A San Diego couple is still living in fear after suffering a year of cruel harassment from a jealous home bidder who allegedly plotted to have the wife raped by a stranger.
Watch the full story on ABC News' 20/20 Friday, Feb. 13 at 10e|9c.
According to PEOPLE, married couple Jerry Rice and Janice Ruhter had outbid Kathy Rowe on a dream home in upscale Carmel Valley in the fall of 2011. Soon after, strange things started happening.
The couple's home had mysteriously been listed for sale online, their mail had been stopped over Christmas, and they were charged with over $1,000 in magazines and books they did not order.
On Valentine's Day, at least eight of Rice's neighbors angrily confronted him, asking why he had sent their wives Valentine's Day cards. However, Rowe's harassment of the young couple soon escalated into a sinister conspiracy to have Ruhter raped.
After Rice had run an internet search on his wife's name, he was horrified to discover advertisements for sex with his wife, inviting strangers to their home address for a "Carmel Valley Freak Show." The ad, written as if it was by Ruhter, invited men to visit the couple's home to perform sexual acts on her while her husband was at work, reported PEOPLE.
A few months after Rice reported the incidents to police, Rowe was arrested. Rowe, who had been named a San Diego "Mother of the Year" by Time Warner Cable in 2006, was charged with two felony counts of solicitation of rape and sodomy and misdemeanor charges for identity theft and repeated harassment by electronic communication. Last November, Rowe had pled guilty to a stalking charge.
According to a statement given to PEOPLE by San Diego County Deputy District Attorney Brendan McHugh, Rowe, 53, had been angry after the younger couple had outbid her on the $700,000-plus house she wanted, and orchestrated the plot to have Ruhter raped in revenge.
In email correspondences with men from the sex ads, Rowe had been posing as Ruhter, writing that she had fantasies of being raped while her husband was at work.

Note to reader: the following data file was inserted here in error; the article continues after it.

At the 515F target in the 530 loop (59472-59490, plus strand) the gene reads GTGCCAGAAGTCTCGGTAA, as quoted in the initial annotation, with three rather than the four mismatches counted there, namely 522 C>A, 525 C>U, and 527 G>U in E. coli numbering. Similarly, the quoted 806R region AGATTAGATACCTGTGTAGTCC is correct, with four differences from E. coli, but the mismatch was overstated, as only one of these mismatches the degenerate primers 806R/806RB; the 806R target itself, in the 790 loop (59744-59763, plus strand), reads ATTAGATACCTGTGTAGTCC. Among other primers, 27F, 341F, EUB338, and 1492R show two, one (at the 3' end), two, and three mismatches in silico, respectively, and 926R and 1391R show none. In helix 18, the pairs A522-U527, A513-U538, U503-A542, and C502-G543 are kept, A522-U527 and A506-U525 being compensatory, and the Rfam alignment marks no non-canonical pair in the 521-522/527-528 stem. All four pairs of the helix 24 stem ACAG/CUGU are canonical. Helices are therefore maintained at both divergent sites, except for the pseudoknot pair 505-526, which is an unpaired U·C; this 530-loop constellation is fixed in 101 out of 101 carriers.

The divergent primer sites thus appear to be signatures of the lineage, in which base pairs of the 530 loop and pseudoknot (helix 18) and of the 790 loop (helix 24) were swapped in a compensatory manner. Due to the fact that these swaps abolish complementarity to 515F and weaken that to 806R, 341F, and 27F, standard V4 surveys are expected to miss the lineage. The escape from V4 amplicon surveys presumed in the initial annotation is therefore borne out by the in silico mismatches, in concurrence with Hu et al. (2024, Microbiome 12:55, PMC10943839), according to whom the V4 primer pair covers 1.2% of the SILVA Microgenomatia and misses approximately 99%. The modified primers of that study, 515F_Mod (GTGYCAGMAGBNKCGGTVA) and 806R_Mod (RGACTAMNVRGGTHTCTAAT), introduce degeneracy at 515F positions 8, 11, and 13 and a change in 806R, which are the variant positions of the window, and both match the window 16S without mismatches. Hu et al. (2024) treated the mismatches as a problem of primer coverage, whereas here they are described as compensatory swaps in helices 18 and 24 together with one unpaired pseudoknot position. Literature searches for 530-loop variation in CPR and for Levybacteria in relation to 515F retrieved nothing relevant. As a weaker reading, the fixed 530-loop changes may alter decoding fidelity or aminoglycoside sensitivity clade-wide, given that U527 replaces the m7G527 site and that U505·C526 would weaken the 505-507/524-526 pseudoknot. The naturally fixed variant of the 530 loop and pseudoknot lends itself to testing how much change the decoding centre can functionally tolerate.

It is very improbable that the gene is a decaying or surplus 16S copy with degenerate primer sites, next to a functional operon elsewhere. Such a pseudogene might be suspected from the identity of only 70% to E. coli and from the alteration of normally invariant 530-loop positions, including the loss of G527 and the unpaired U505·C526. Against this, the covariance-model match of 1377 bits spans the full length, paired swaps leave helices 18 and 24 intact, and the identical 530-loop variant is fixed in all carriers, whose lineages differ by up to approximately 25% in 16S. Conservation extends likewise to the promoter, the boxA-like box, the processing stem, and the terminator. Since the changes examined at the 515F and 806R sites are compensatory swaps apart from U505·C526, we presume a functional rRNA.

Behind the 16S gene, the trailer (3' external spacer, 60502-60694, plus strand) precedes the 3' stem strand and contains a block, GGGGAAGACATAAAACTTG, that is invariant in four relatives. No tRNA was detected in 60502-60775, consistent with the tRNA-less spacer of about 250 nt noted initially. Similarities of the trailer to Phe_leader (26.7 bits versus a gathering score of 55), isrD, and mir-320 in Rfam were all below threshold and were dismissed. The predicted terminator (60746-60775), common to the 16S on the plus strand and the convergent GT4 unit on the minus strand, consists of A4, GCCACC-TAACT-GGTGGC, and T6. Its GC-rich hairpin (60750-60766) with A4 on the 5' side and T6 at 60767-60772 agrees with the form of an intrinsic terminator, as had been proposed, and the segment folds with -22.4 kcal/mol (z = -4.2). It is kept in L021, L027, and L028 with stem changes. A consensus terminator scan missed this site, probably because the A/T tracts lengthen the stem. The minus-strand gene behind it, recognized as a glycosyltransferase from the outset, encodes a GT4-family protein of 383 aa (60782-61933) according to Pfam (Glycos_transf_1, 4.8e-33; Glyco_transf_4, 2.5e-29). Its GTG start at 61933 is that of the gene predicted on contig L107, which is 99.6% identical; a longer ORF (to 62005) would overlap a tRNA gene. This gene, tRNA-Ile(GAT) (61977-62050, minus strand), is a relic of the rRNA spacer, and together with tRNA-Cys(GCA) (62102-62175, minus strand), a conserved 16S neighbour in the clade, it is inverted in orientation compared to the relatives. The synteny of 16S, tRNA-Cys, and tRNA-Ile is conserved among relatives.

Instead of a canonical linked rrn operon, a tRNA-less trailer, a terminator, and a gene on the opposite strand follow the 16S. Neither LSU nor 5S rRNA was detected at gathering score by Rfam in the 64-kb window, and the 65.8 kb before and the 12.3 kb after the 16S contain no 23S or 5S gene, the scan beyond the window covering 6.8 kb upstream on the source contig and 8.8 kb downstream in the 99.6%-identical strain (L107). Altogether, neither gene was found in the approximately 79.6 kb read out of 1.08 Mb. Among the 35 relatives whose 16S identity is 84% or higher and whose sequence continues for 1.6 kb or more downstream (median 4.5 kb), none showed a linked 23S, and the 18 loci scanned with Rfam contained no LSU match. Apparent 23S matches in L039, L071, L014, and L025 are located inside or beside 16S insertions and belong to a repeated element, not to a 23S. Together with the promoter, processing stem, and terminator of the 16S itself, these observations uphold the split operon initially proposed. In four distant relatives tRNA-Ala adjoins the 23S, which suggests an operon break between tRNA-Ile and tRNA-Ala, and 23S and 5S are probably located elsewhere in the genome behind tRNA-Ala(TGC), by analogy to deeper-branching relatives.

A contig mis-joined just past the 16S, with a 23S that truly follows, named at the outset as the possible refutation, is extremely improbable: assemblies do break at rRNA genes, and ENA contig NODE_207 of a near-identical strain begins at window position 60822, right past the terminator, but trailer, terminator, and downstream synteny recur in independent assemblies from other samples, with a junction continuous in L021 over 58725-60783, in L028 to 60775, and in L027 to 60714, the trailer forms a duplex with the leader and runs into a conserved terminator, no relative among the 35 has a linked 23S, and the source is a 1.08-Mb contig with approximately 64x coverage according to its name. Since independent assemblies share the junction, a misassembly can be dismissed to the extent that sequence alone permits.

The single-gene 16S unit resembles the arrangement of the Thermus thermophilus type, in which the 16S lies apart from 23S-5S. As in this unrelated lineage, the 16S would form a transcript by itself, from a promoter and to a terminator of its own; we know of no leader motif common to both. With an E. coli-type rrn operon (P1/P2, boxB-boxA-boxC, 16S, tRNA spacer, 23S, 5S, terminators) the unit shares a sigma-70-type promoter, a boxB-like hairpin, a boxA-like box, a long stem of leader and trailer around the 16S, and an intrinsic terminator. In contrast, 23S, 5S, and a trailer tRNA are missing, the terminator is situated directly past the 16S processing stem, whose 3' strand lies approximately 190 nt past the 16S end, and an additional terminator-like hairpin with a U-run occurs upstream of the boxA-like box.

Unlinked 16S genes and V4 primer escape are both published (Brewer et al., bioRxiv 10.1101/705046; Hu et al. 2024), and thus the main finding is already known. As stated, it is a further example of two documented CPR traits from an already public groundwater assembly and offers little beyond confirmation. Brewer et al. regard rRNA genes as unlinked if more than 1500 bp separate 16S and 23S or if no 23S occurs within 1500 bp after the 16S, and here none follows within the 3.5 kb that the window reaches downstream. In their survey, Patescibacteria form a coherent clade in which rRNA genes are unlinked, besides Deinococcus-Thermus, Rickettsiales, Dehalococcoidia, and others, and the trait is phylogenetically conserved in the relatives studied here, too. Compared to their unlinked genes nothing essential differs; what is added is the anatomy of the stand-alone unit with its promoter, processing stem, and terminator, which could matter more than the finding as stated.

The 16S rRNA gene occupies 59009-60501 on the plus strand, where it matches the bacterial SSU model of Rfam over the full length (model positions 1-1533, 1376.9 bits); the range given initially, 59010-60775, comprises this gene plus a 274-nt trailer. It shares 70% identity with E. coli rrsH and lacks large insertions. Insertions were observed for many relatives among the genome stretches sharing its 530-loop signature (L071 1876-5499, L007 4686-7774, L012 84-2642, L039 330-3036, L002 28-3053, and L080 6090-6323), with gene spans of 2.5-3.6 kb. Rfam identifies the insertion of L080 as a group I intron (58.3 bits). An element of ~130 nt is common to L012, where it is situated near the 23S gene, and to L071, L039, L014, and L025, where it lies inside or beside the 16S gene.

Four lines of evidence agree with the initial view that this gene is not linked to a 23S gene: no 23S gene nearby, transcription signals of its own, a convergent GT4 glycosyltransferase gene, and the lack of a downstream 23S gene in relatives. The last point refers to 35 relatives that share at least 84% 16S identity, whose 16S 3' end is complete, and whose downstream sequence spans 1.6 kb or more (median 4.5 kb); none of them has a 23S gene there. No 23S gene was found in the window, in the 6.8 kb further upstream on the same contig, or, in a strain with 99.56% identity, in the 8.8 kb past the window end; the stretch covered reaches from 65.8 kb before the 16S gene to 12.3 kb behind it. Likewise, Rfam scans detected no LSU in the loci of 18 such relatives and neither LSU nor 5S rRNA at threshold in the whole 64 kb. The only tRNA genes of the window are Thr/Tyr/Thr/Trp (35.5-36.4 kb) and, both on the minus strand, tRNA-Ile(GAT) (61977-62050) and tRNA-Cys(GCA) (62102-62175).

"I love to be surprised and have a man just show up at my door and force his way in the door and on me, totally taking me while I say no," Rowe wrote to one man who responded to the ads.
Rowe told another man to stop by Ruhter's home "any Monday - Friday, 9 am - 3 pm. I like the element of surprise." When the man asked where, Rowe sent him Ruhter's address.
A few weeks later, the same man replied to ask if she was still available. Rowe sent a reply: "I'm available all week. Maybe we can have a nooner on your lunch hour?"
The man went to Ruhter's house a few days later, but she wasn't there. He sent Rowe an email letting her know that he went to Ruhter's home, but the gate was locked and he couldn't knock on the door or use the doorbell.
Rowe apologized to the man, encouraging him to stop by Ruhter's home again: "Will make it extra wild and worth your time."
Later, the man returned again to Ruhter's house, but this time her husband was home. The man told Rowe he made "an excuse for why he was there" and left. Rowe told the man that her husband would sometimes drop by during the day to catch her in the act, but that he won't "intrude on us unless we want him to ... if we want him to join us, he will."
McHugh told PEOPLE he had no doubt that Rowe knew exactly what she was doing.
"It is one of the most disturbing cases I have handled," McHugh said. "She really terrorized this young couple. They have had to seek out counseling to cope with it."
According to ABC News, the couple has since installed spikes on their fence, took self-defense classes and installed a security system into their home, though they spend every day worrying about who will show up at their door.
Rowe was sentenced to a year of home electronic surveillance, five years of probation, and ordered to stay away from the couple for 10 years.
After being sentenced, Rowe apologized to Superior Court Judge Kathleen Lewis, saying "I wish I can go back and take all of this away from the Rices. All of the things I put them through."
The tormented couple, however, had no sympathy for Rowe.
"The purchase of a home, taking care of a toddler and a newborn, it was during this time while we were at our most vulnerable state that Mrs. Rowe began her pattern of attacks," Rice said during the sentencing.
Rowe's attorney, Brad Patton, said that the stress over caring for her ill husband and severely disabled teenaged daughter caused Rowe to behave this way. Patton said Rowe did not intend any harm to Rice and Ruhter.
Regardless, the couple says they are still living in fear.
"Ya know, you get scared? That's your house. It should be a place of safety. With that out there, that safety just disappear," said Ruhter in a 20/20 interview scheduled to air Friday, Feb. 13.
"I was jealous... I was destroyed and devastated with pain and depression," Rowe told 20/20.
The couple, and Rowe, will appear on 20/20 Friday, Feb. 13, at 10e|9c.